Keep in mind that users are, by and large, not computer experts. The level of support, the agent’s approach to the client, and the way support is offered need to reflect this. It's an important part of the assessment of individual agents, and it's also something to consider when designing chatbots.

Here are a few KPIs that help measure the effectiveness and efficiency of an IT service desk.

"The first call resolution (FCR) rate measures the percentage of calls or tickets that organizations resolve during the first call or the first contact with the support page or chatbot."

First Call Resolution (FCR)

The first call resolution (FCR) rate measures the percentage of calls or tickets that organizations resolve during the first contact with the support page or chatbot. Users are obviously happiest when this happens. Automated chatbots or FAQs can often resolve common problems.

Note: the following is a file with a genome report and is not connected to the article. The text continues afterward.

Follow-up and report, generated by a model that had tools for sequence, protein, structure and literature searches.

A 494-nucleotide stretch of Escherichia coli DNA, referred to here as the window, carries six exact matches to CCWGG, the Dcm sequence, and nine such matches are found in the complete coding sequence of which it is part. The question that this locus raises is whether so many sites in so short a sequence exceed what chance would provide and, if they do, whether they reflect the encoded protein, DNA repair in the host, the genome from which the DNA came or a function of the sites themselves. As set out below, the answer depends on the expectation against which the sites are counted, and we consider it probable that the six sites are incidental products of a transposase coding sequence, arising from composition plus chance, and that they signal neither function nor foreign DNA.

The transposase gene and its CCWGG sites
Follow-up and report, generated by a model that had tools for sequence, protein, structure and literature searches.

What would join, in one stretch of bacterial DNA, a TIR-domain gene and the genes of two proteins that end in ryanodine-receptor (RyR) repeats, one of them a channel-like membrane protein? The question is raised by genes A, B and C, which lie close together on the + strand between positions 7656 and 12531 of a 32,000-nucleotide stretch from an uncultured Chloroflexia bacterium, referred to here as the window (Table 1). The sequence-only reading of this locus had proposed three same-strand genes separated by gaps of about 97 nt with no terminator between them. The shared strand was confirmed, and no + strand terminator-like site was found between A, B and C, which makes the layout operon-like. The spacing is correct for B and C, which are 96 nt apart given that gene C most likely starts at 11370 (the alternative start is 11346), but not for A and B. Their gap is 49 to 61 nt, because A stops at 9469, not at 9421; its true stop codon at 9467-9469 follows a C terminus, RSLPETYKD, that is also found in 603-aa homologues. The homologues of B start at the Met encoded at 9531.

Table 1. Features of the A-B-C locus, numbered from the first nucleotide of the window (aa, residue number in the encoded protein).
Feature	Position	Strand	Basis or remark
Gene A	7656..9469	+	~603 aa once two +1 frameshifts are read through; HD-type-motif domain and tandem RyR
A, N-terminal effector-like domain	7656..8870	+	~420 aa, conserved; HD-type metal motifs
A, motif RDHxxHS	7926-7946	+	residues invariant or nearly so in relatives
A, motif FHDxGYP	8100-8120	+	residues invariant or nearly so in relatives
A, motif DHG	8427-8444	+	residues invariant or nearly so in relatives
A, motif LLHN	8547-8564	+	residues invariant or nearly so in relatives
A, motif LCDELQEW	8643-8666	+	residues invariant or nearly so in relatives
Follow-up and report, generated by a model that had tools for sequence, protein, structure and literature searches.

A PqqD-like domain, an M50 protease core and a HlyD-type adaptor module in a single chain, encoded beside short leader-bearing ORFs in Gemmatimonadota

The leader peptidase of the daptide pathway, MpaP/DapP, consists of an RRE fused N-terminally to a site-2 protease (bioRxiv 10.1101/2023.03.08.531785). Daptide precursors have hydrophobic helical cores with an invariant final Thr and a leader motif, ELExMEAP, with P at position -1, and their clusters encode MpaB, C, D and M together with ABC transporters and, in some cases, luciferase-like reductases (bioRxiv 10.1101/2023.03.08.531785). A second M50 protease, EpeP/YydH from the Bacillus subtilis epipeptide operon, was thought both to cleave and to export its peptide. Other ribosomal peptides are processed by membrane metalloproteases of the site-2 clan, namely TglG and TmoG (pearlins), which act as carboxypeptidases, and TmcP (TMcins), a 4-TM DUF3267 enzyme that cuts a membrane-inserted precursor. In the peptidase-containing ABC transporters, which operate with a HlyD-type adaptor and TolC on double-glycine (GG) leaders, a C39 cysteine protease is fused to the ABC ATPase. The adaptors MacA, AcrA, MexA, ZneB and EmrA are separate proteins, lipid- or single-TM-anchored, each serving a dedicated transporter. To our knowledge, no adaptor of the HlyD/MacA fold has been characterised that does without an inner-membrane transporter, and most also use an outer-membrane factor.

Average Speed to Answer (ASA)

The average speed to answer (ASA) measures the time it takes for a service desk agent to answer a call or ticket. Most service desks have a queuing system. Requests are routed to the first available agent, either by the chatbot or from the start of the interaction.

A long wait time can indicate that the service desk needs more staff or that something else has gone wrong if most requesters are reporting the same problem.

Average Handle Time

Average handle time (AHT) measures the total time it takes to handle a ticket from the moment a user opens it until it's resolved. This is difficult to manage because it depends on the problem and how it's resolved. In a corporate environment, long AHTs might indicate that agents need more training in a specific area or that the FAQs and chatbots need to be updated.